MOVIE REVIEW- <i>Food </i>for thought: Film shows dark side of the food biz


If you haven't eaten fast food since you saw Super Size Me, you'd better not see Food, Inc., because then you won't eat anything. Talk about a crash diet!

Why is E.coli bad and broc.coli good?

If we are what we eat, why are so many food items used as pejorative terms? Chicken, swine, porker, fish– even fruit and vegetable. The list goes on.

One movie can't answer all your questions, but Food, Inc. tries. It's one of those activist documentaries that attempts to change the world in 90 minutes, one viewer at a time. What it hopes to do is get you to eat organic, locally grown foods, advocate more government enforcement of safety standards, and check their website for more actions.

What do you learn from Food, Inc.? There's a new villain in town. Not the military-industrial complex but "the industrial food system," the handful of corporations that control an amazing amount of the food we eat. They've turned food production into "enormous assembly lines where the animals and the workers are being abused," making things grow bigger faster and, in the case of chickens, with more white meat.

I don't want to mention names, but Tyson, Perdue, Smithfield, and Monsanto declined to be interviewed for the film. Tyson wouldn't let "their" farmers, who the film alleges are controlled by being kept heavily in debt, show the inside of the windowless chicken houses where chicks spend their 48 or so days on earth packed like sardines.

The spokespeople for the first two segments synergistically discuss topics they've written books about. Eric Schlosser (Fast Food Nation) tells how food production has changed in the last 50 years to meet the demand from fast food restaurants. Michael Pollan (The Omnivore's Dilemma) reveals how corn and its derivatives have gotten into many more products than you would imagine, including feed for cattle, even though it's not good for them.

Later, we learn that subsidized corn from the U.S. put 1.5 million Mexican farmers out of work. American companies recruited them to come over illegally to work in their plants. When caught, the workers were punished, not the companies.

This is part of a general complaint that we're subsidizing "bad calories," leading to epidemics of obesity and diabetes. It's dramatized by showing the hard-working Orozcos feeding their children off a fast-food dollar menu because fresh vegetables are too expensive in the supermarket.

Despite frequent outbreaks of E.coli and salmonella, the number of government inspections of food plants has dropped drastically in the last decade. The film connects this to links between leaders of the government's regulatory agencies, the USDA and FDA, and their former employers, the food corporations they now oversee.

Far too much time is given to food service activist Barbara Kowalcyk, who's been lobbying for stronger regulation by telling "Kevin's Story," the tragic tale of her young son who got E.coli from a hamburger and died. It drags an intelligent film down to an emotional level that would embarrass Lifetime.

Monsanto is accused of getting a monopoly on soybeans by developing a strain that resisted their weed-killing chemicals, patenting it, and aggressively prosecuting farmers who avoid buying their seed by saving seeds from previous crops.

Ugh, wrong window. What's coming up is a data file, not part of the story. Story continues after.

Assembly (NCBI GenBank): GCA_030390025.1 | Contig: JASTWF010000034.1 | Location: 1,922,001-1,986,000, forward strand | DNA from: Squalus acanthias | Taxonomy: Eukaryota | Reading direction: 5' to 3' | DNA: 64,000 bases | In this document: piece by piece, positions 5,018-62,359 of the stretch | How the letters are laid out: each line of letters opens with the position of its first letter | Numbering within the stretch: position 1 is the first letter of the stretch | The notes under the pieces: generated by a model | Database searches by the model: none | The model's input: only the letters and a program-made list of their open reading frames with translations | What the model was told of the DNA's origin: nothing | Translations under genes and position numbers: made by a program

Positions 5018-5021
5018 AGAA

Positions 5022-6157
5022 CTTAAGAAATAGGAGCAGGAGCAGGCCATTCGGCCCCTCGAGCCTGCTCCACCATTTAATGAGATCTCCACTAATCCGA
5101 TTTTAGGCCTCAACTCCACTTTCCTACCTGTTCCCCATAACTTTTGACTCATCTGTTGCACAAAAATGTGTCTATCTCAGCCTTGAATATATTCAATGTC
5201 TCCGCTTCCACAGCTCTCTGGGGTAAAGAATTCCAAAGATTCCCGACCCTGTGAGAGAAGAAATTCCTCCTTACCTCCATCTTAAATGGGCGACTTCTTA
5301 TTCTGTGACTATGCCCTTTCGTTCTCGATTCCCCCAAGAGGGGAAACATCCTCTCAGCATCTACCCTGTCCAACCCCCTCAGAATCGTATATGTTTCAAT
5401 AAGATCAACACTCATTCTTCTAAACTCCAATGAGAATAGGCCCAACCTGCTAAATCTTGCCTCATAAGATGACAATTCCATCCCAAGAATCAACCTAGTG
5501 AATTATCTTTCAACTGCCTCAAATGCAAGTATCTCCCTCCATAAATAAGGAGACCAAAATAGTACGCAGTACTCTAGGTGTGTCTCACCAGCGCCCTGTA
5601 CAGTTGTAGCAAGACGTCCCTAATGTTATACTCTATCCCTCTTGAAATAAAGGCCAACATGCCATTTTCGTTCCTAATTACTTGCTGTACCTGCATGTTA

Filmmaker Robert Kenner makes a lot of good points but also a few that seem dubious. Can the food industry really be broken like the tobacco industry was? Isn't it easier to get people to quit smoking than to quit eating?

Even Kenner, while endorsing organic foods, raises some skepticism around the fact that companies like Stonyfield Farm have been bought up by the big conglomerates and picked up for distribution by Walmart. Will they be able to maintain their standards on such a large scale or will they go from being part of the solution to part of the problem?

Even when it's well done, such high minded proselytizing makes me want to play devil's advocate. I know I should want to become a vegetarian (as some of my best friends are) after seeing how animals bred for food are treated. We see "the largest slaughterhouse in the world" in Tar Heel, North Carolina, where "32,000 hogs a day are slaughtered" and the workers are equally expendable.

But I don't have time to hunt my own food and give the animals a sporting chance, and I'm not sure the animals, which don't know any alternative, would appreciate the difference in their quality of life if they were put up in luxury hotel suites until they were slaughtered.

Besides, plants are living things, too, even if their body parts don't resemble ours so closely; so how much better can we feel about ourselves for eating them? At least I don't eat anything with opposable thumbs.

Kenner doesn't have Michael Moore's sense of humor, but he makes a lot of sense. If Food, Inc. leaves a bad taste in your mouth, it will be for the right reasons.



Must see "The World According to Monsanto" and "The Future of Food" in order to get the full story.

Although Food, Inc. sheds some light on what is never spoken by the mainstream media, it doesn't go far enough. The director seemed to hold back, leaving lots of critical info out, either because of industry push-back or fear of legal retaliation.

Food Inc. is a must-see and essential in order for the public to really understand what is happening behind the scenes. It's time for fast food industry to value our health over short-term profits!